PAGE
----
Rowdy Roddy Piper is #6 and runs down like a crazy person as the crowd goes batshit. He unties Jake from the ropes and Jesse asks why Piper would do that. And this is an opportunity for me to use game theory to explain wrestling tactics. With Roberts tied up, the Macho/Ted team can gang up on Piper since they are allied. Piper needed to untie him to give him a chance to even the odds, which they did, standing back to back and fighting off the Million Dollar Machos. Piper and Jake nearly hit each other before realizing they are allies, and the Hot Rod and Savage trade near eliminations.
Quality takes a drop at #7 as the Warlord lumbers down. Gotta keep the heels with the numbers advantage, as he goes at Piper while Million Dollar Macho beat on Jake.
Bret Hart is #8, and he has the worst “luck” in these, drawing #1 in ’88 and ’91 also. He ducks a DiBiase punch which lands on Savage. Piper and Hart form a real life Team Canada and clothesline Warlord. The Snake has the Million Dollar Man over the ropes, and Virgil is there for possible interference that is stopped. For some reason, managers are allowed to stay at ringside this year.
Bad News Brown is #9 and he goes after Bret Hart. Of course they have a history in battle royals dating to Wrestlemania 4, when Brown doublecrossed Hart to win in the end. The Snake makes a 3rd DDT try on DiBiase, but Savage clotheslines him out over the top in a nice looking elimination. Million Dollar Macho continues to stand tall as Macho saves Ted from Piper, and Jesse suggests that perhaps Savage was paid an honorarium to help.
Florida wrestling icon Dusty Rhodes and his polka dots are #10 and he goes after Savage, including a business-exposing elbow that missed by about 8 inches. Macho King sprints at Dusty and takes a bigger backdrop over the top rope than Koko did earlier. Sapphire is at ringside now to watch DiBiase and Rhodes battle and that triangle would intersect at Summerslam later that year.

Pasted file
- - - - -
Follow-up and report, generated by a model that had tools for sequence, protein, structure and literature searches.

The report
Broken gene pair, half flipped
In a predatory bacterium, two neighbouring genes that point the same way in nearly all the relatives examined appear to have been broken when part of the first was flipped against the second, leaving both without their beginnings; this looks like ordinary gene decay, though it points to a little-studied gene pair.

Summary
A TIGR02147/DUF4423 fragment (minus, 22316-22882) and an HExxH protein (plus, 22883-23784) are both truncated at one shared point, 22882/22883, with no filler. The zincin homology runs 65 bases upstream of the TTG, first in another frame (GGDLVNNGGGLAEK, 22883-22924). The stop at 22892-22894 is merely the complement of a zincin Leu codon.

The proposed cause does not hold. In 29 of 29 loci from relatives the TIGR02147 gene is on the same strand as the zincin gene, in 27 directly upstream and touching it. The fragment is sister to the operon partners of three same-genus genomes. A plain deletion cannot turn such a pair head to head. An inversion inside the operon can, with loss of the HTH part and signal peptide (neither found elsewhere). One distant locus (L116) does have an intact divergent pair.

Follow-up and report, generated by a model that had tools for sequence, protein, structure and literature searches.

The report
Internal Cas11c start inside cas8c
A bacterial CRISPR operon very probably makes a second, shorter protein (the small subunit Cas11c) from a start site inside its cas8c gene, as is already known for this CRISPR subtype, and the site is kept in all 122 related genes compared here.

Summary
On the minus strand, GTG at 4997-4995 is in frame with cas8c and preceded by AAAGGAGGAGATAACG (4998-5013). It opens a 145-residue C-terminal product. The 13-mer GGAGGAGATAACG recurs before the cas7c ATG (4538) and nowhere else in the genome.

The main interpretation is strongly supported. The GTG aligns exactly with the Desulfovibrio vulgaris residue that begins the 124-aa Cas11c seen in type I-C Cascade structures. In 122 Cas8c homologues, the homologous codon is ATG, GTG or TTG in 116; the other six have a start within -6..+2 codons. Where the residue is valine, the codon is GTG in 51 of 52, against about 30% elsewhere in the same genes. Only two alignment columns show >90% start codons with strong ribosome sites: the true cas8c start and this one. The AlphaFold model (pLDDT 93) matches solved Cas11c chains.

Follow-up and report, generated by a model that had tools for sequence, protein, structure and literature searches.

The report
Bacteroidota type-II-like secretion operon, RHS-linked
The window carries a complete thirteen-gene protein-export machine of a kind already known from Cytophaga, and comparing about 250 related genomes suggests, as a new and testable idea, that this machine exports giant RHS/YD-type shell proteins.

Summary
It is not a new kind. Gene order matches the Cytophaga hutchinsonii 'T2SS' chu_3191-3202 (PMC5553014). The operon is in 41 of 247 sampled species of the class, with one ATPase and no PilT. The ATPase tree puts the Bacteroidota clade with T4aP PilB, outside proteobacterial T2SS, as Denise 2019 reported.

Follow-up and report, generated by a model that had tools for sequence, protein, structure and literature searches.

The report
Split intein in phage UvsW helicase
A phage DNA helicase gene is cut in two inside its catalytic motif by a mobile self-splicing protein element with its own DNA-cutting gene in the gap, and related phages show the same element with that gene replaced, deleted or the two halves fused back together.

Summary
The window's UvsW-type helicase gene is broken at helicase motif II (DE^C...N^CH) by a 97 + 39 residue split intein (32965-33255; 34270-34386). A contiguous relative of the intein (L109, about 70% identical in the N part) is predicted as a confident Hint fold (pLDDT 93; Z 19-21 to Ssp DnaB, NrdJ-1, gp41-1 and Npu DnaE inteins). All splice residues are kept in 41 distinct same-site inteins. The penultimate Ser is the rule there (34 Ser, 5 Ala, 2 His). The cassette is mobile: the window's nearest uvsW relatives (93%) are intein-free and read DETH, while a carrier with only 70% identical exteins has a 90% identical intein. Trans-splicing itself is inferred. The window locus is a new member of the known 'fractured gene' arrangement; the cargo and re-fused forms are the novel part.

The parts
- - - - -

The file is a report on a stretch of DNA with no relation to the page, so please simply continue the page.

My first star of the 1989 Rumble is #11. Escorted by Bobby Heenan, Andre the Giant is wearing his sad blue tights, the ones that always indicate to me that he’s entered the “hard to watch” part of his career. But these type of matches hid his limitations and he could still look like a monster, like when he effortlessly hip tossed Warlord over the top. Mr. Fuji is upset by this and gets on the apron, so Heenan grabs and pulls Fuji down! Manager fight! Fuji holds up his cane and that’s it for that. Ventura again shows a surprising lack of understanding of Royal Rumble game theory when he asks why Dusty would go after Andre. You get rid of the big guy, Jesse! Piper and Big Dust got rammed in the corner by the Giant.
Schiavone says “It’s the Red Rooster” at #12 in the most unexcited fashion possible. He would exit the WWF shortly after the Rumble. Meanwhile Piper dumps Bad News Brown, who retaliates by pulling Piper out from the outside. Tony and Jesse wonder if that will be allowed, but Piper and Bad News brawl to the back so it’s all academic. They would meet at Mania 6 where Piper would paint himself half black for God knows what reason.